The Coinbase John Doe summons by the IRS has been a source of quite a bit of controversy already. One customer filed an answer a few weeks ago, indicating his tactic to oppose the summons. Jeffrey K. Berns has not been successful in this regard thus far, but he has not given up yet. A new answer has been filed to prevent the IRS from identifying Bitcoin users on the exchange platform.
Another Counter In The Coinbase-IRS Debacle
When news broke about the IRS aiming to take a closer look at Coinbase users’ behavior between 2013 and 2015, the Bitcoin community reacted with mixed feelings. According to the IRS, there is a reason to believe some people used Coinbase to evade taxes and even launder small amounts of money. However, the government agency is not required to provide any proof to back up these claims when it comes to issuing a John Doe summons.
One Coinbase user, by the name of Jeffrey K. Berns, is not planning to go down without a fight. A few weeks ago, he filed a countermotion in an attempt to prevent this investigation from happening. His position as an attorney and Managing Partner of Berns Weis LLP puts him in the perfect position to shape the future of legislation affecting Bitcoin and other cryptocurrencies.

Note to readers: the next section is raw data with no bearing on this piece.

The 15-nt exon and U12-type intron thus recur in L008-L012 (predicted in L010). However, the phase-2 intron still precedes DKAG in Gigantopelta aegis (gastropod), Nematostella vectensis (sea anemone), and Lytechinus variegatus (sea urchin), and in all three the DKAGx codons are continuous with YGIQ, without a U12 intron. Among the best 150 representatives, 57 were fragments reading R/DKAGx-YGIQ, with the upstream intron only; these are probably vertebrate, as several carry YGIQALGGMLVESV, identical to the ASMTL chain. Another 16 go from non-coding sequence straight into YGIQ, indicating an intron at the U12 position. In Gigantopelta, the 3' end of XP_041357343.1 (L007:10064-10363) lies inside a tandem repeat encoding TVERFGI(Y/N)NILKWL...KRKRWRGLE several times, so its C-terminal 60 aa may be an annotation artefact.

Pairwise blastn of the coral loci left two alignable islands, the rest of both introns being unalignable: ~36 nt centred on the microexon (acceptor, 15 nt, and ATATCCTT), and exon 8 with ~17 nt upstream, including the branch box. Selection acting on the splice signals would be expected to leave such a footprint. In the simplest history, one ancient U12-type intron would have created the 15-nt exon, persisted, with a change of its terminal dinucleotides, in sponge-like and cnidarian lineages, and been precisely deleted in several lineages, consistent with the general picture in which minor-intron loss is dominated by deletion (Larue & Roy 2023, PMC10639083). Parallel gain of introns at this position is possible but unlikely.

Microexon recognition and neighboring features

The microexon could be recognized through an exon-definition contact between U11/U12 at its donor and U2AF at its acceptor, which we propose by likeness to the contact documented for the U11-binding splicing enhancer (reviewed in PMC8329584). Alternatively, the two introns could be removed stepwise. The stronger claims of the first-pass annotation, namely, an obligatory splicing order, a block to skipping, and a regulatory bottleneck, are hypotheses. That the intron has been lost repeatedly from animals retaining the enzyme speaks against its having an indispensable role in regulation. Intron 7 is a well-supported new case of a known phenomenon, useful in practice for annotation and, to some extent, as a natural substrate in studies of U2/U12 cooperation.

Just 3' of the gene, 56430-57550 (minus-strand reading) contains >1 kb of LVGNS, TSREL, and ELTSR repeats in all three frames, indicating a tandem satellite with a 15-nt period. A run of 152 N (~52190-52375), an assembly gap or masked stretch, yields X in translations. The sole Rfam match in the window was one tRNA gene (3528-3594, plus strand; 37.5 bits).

His first motion revolved around being allowed to participate in the legal process drew a reaction from the IRS. The bureau deemed he is no longer subject to the summons. In a way, this means his personal matters have been resolved, rendering his entire motion moot. But Berns is not satisfied by this decision, and filed a new motion this week.
Legal maneuvering is the bread and butter of attorneys, and Berns’ new reply aims to counter the IRS exempting him from the John Doe summons. His argument revolves around the IRS “artificially mooting his motion” because they are concerned over the court scrutinizing the bureau’s actions.
Moreover, Berns also argues the “misuse” of a John Doe summons by the government. He feels the IRS uses this tactic to evade inquiries regarding their motives for this investigation. So far, it remains unclear which basis can be used to defend the decision to investigate Coinbase users, particularly when it comes to tax evasion.
With the IRS exempting Berns from the John Doe summons inquiry, the government bureau has set a somewhat unusual precedent. However, this also seems to indicate this John Doe summons was put together hastily. It is rather unusual to see them exempt one person related to this investigation just because he filed a counter motion.
The new motion by Berns also mentions how he is willing to withdraw the initial motion if the Court reconsiders the John Doe summons approval. Protecting the rights of all Coinbase customers remains priority number one. If no further legal action is taken by either party, this motion will be heard in court on January 19, 2017.
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